Author: Patrick McGowan


Studio: MArch Thesis

Advisor: Manuel Baéz

Year: 2019-2020

Project Description

This project is focused around the controversial monument honoring the French explorer and colonist Samuel de Champlain located at Nepean Point in Ottawa, Ontario. A presently relocated indigenous scout originally knelt at the base of the 20-foot pedestal with Champlain thrusting an astrolabe towards the sky. The removal of the scout, along with his guiding knowledge, has left Champlain precariously surveying the soon-to-be-conquered territories with his astrolabe, which is ironically depicted upside down. Though the astrolabe stands as a powerful symbol of geo-spatial control and dominance, critical to European colonization, the origins of the instrument exist in the comprehensive reverential knowledge of celestial bodies conveyed through centuries of oral tradition.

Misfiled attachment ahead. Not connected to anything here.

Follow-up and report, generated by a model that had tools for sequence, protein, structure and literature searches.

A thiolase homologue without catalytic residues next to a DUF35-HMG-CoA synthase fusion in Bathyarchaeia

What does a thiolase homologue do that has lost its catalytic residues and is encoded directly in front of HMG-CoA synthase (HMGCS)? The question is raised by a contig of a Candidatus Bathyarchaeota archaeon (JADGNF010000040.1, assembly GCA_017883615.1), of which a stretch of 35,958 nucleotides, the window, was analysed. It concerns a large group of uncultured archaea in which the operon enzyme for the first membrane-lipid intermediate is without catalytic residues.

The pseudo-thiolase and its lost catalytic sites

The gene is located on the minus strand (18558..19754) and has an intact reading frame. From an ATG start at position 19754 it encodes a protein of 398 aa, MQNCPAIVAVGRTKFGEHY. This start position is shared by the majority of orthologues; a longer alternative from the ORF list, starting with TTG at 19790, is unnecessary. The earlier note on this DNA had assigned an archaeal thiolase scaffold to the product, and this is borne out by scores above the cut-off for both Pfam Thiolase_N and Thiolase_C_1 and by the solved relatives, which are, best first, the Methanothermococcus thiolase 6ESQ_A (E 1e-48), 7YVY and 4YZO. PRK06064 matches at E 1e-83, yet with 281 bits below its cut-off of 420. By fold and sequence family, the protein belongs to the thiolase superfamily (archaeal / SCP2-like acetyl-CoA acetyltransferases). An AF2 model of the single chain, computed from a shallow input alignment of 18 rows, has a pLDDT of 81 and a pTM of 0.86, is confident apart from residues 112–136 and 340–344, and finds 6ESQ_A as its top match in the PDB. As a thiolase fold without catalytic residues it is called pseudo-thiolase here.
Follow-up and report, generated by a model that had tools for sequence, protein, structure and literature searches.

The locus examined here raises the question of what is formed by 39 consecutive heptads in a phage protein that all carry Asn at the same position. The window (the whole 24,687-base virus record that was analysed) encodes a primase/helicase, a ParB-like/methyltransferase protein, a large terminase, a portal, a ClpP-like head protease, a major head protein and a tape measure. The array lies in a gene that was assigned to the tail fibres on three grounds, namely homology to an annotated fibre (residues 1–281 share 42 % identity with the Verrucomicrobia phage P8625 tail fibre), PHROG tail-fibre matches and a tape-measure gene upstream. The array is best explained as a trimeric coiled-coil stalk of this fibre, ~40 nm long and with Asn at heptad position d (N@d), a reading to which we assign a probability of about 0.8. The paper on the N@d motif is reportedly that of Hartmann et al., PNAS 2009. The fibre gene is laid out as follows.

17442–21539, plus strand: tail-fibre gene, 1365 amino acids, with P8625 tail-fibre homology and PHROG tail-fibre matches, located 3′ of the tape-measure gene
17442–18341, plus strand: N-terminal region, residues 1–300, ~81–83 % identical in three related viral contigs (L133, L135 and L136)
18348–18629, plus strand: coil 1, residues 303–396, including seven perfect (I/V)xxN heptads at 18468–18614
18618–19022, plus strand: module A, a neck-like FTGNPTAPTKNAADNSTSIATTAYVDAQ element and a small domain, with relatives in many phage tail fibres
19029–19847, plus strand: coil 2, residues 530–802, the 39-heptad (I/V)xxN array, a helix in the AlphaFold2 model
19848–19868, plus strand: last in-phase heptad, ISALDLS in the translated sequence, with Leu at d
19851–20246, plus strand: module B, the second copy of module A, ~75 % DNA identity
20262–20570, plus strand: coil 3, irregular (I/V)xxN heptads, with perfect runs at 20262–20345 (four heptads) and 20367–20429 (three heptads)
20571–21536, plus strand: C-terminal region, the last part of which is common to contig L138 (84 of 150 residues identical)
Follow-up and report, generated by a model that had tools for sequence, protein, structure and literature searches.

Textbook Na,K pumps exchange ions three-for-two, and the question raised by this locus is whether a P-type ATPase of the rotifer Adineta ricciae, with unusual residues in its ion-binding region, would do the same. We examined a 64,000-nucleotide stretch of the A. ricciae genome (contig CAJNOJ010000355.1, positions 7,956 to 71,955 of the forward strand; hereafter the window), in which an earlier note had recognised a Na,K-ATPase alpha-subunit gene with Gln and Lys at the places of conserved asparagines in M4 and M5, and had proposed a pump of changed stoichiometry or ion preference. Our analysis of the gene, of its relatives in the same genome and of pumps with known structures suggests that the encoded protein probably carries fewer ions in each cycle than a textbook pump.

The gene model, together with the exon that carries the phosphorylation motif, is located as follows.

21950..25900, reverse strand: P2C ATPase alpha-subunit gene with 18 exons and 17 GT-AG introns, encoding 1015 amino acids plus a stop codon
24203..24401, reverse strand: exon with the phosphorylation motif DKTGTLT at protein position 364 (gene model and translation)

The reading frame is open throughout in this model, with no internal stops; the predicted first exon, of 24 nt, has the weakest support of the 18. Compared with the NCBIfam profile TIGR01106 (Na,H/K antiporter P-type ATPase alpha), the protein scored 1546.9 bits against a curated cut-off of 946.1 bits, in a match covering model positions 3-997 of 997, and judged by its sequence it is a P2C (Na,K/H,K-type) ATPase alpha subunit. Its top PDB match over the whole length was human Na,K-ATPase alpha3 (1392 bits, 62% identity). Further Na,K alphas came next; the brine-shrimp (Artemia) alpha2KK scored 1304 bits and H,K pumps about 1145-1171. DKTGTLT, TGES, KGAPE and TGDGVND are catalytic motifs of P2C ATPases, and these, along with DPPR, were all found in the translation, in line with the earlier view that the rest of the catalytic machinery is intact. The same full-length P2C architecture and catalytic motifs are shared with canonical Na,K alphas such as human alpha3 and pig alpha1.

Through the medium of architectural design, collaborative interactions and dialogues centered around western and indigenous knowledge are fostered and cultivated by means of the agency offered via two unique proposed interventions. Both utilize western scientific principles of stereographic projection implemented in the astrolabe as spatial design and navigational tools. At a personal level, a two-person tent incorporates a large aperture for experiencing celestial phenomena and the embedded indigenous knowledge held within. At the community level, a collapsible 50 seat traveling theatre, built on a 20- foot trailer, weaves storytelling and performance as programmatic functions and means of expanding awareness of diverse cultural knowledge, worldviews, and their resonant commonalities. The nomadic designs are powerful interactive and participatory constructions for engagement and shared experiences between people in response to the vast mystery of the universe.